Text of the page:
Working with Families
Parenting a child with a learning disability can be challenging. We've gathered information that educators can share with parents to help them provide the best support for their child at home and at school.
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If you are both a teacher yourself and the parent of a learning disabled child, shouldn't it be easy for you to ensure your child receives appropriate services, including testing and IEP implementation? Maybe, maybe not. Check out one mother's perspective as parent, colleague, and advocate.
How can parents help their child do well in school? Learn more in this article about how to get involved, how to support your child if problems arise, and how ensure that your child is having positive experiences at school.
If your child cannot read their textbooks, they need digital copies of their books. Schools now can use National Instructional Material Accessibility Standard (NIMAS) to get e-text. Learn the details that will help you advocate for your child so they can use NIMAS. And learn where to find the publishers and producers that provide e-text.
Learn how one mother worked with the school to get help for her child with a learning disability who was once "unable to work on multiplication and division without dissolving into tears and often tantrums for fear of the learning block she’d be up against." She got her child tested and worked with the school to accommodate her difference. At the end of this story, her child is happily learning.
Does your child with social skills difficulties have trouble with their brothers and sisters? Read them this advice which is written just for them! And then read the section for you, the parent. Richard Lavoie gives powerful advice on how all people in the family can get along.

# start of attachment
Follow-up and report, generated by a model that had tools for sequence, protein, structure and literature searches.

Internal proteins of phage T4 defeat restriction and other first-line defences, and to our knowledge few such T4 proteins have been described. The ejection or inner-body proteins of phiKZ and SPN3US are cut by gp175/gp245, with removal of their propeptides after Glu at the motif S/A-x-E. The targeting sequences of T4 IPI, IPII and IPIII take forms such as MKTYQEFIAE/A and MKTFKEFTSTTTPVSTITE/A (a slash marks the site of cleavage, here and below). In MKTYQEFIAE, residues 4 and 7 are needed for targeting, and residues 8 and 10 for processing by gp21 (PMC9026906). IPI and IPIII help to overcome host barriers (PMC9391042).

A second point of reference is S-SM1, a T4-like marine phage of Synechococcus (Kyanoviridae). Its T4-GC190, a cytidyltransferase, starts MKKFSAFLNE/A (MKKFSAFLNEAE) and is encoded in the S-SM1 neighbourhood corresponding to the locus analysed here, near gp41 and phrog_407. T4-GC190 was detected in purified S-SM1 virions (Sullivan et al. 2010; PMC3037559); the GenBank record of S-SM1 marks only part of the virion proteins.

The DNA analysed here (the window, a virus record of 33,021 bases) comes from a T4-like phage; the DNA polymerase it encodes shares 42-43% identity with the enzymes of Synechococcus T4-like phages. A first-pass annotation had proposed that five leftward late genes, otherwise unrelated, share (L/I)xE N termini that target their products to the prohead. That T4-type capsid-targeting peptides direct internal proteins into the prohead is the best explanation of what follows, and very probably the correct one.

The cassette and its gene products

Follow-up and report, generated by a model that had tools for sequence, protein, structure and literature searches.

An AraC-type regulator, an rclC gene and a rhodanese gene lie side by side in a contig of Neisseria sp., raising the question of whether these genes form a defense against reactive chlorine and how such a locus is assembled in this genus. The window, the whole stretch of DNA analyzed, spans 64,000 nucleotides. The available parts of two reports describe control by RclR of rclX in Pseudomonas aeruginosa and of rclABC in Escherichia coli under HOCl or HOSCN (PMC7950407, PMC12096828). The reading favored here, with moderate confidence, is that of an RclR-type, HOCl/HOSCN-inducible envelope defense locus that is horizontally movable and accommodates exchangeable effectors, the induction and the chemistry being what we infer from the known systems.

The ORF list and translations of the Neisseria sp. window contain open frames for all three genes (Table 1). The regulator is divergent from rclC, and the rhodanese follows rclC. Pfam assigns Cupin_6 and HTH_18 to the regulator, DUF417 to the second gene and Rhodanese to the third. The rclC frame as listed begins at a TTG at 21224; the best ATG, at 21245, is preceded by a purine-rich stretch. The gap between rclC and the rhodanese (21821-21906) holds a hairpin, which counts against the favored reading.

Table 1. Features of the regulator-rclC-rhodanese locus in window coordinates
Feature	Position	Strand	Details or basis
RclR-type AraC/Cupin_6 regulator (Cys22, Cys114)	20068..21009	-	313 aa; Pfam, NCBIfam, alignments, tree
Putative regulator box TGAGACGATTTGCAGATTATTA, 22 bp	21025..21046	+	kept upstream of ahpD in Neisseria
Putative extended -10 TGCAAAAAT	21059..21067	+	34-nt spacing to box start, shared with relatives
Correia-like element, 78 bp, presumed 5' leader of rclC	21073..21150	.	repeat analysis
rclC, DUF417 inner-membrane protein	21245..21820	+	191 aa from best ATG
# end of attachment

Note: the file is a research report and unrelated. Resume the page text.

It's never too early to start looking for ways to help your child succeed in learning. This article covers children who are under 2 and who are in preschool. They have rights under the Individuals with Disabilities Education Act (IDEA). Find out the first steps to take if you suspect your child has difficulty learning.
About half of people with learning disabilities also have other related disorders. Learn about ADHD, bipolar disorder, anxiety disorders, depression, and other difficulties. This article, written by Larry B. Silver, a psychiatrist, tells parents about other related disorders, how they can impact your child, and how you can get a diagnosis.
This checklist prepared by the PACER Center will help parents prepare for and get the most out of Individualized Education Plan (IEP) meetings with school staff.
A comprehensive guide on AD/HD from our partners at the National Dissemination Center for Children with Disabilities (NICHCY).
Foster parents know all too well the many needs of the youth for whom they provide care that include academic services associated with special education. The reality is not a surprise given the literature reports at least 50% of youth in foster care require intense academic and behavioral interventions at school. What should foster parents do?
Does your child have trouble finishing homework within a reasonable amount of time? Is homework a frequent family battle? Learn how to stay sane and help your child succeed.
Our top 8 back-to-school tips for parents emphasize communication, organization, and staying up-to-date on special education news.
This article will help your child succeed doing homework. Read tips that can help kids with learning disabilities, ADHD, and dyslexia work faster and with focus. Set up a place for your child to work and give them the supplies they need. Teach them strategies, get them organized, and encourage them to succeed.
Help your child succeed in school by developing a strong relationship with your child's teacher. Start the relationship right and maintain the connection. Read these tips from the National Center for Learning Disabilities.
Coaching kids with LD and ADHD in sports involves challenges and rewards for parents and coaches alike.
Write letters to your school that will communicate well. The school system really wants to help your child get the best possible education. This publication shows how to tell them what they need to know. Find model letters to request an initial evaluation for special education services, to review your child's records, to meet to discuss your IEP, and more.